People who described themselves as being in low to average social and economic groups were more likely to become HIV-positive than those in higher socioeconomic groups.
“HIV is a biological phenomena and it is a behavioral phenomena, but in this day and age it is a social and structural phenomena,” he said.
“Our findings suggest that rather than primarily being the result of personal failure, HIV risk is largely determined by national laws, policies, and attitudes toward homosexuality,” John Pachankis, lead author of the study, said in a statement. “This study shows that gay and bisexual men in homophobic countries are denied the resources, including psychological resources like open self-expression, that are necessary to stay healthy.”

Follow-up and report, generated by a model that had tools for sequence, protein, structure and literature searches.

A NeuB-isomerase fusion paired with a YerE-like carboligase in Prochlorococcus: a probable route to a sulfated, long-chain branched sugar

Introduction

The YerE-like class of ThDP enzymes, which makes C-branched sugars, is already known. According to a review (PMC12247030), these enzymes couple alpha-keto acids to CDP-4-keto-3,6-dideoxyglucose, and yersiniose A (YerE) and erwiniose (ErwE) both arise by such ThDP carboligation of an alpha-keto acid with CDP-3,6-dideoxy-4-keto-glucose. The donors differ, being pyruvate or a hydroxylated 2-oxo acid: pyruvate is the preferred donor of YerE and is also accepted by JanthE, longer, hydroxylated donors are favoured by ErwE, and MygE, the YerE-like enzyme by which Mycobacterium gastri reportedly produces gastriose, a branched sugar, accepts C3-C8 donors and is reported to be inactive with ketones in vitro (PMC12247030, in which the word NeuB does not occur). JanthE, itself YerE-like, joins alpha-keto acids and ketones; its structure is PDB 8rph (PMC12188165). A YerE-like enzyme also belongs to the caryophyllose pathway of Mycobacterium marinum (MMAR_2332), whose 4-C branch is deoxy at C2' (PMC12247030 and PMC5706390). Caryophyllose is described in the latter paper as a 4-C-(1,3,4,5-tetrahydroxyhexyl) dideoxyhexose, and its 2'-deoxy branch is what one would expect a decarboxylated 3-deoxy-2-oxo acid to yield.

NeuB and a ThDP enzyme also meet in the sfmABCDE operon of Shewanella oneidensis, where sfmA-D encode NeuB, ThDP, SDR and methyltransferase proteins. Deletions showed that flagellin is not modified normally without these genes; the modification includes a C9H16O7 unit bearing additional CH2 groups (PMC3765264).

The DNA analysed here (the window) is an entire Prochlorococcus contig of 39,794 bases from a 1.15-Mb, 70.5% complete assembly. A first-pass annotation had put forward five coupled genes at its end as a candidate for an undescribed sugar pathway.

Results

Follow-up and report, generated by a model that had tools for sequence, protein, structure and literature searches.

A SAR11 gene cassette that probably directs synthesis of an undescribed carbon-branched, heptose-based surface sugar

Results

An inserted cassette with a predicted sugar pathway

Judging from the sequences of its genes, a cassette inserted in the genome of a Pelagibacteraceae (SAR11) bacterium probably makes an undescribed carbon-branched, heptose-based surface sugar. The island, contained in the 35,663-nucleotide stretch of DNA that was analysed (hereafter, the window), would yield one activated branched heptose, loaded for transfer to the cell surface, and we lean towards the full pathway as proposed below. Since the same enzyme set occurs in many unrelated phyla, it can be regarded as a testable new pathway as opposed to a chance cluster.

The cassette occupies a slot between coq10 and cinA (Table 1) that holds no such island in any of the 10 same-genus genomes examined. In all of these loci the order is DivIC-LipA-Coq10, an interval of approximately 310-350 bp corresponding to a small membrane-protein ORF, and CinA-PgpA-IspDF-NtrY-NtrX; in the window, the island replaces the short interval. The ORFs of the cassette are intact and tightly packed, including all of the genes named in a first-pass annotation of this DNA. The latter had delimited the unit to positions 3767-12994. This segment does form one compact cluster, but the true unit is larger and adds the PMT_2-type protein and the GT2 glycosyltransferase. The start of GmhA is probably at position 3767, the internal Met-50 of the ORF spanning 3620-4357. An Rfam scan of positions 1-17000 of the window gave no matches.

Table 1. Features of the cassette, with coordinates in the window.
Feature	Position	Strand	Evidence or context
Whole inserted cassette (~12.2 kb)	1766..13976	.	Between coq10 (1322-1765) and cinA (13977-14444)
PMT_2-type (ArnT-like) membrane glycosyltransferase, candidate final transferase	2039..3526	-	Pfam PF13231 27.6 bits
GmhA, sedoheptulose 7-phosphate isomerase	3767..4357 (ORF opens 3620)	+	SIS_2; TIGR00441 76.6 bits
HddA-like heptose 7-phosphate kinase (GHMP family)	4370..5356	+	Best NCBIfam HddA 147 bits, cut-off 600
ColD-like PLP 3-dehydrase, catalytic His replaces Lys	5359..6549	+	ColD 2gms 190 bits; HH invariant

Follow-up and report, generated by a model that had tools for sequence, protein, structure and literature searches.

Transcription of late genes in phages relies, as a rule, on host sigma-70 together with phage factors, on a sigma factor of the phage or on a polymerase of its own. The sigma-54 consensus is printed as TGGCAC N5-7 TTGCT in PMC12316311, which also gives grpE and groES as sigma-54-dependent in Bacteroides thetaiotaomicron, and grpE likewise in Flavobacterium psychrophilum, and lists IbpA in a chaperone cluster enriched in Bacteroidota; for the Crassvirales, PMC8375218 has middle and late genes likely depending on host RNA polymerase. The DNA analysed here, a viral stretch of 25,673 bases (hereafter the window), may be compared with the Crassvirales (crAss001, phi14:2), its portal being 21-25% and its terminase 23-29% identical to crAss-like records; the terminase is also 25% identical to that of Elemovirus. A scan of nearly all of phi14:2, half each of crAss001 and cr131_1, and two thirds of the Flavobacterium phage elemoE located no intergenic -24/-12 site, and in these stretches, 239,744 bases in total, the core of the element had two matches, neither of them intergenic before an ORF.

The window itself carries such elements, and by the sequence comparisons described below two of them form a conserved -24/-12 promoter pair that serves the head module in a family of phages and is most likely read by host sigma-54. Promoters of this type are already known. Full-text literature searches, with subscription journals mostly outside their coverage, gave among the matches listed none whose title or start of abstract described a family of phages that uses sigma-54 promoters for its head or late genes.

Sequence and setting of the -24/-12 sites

For the study, researchers collected and analyzed data from the European MSM Internet Survey, which was completed by 174,000 gay and bisexual men. They compared this data to a measure of country-level laws, policies, and social attitudes toward homosexuality.
They found that attitudes about homosexuality varied greatly across the continent, but they noticed that men living in countries with higher levels of homophobia knew less about HIV and were less likely to use condoms. This finding leads the researchers to conclude that homophobia reduces the use of health services and compromises health-service quality.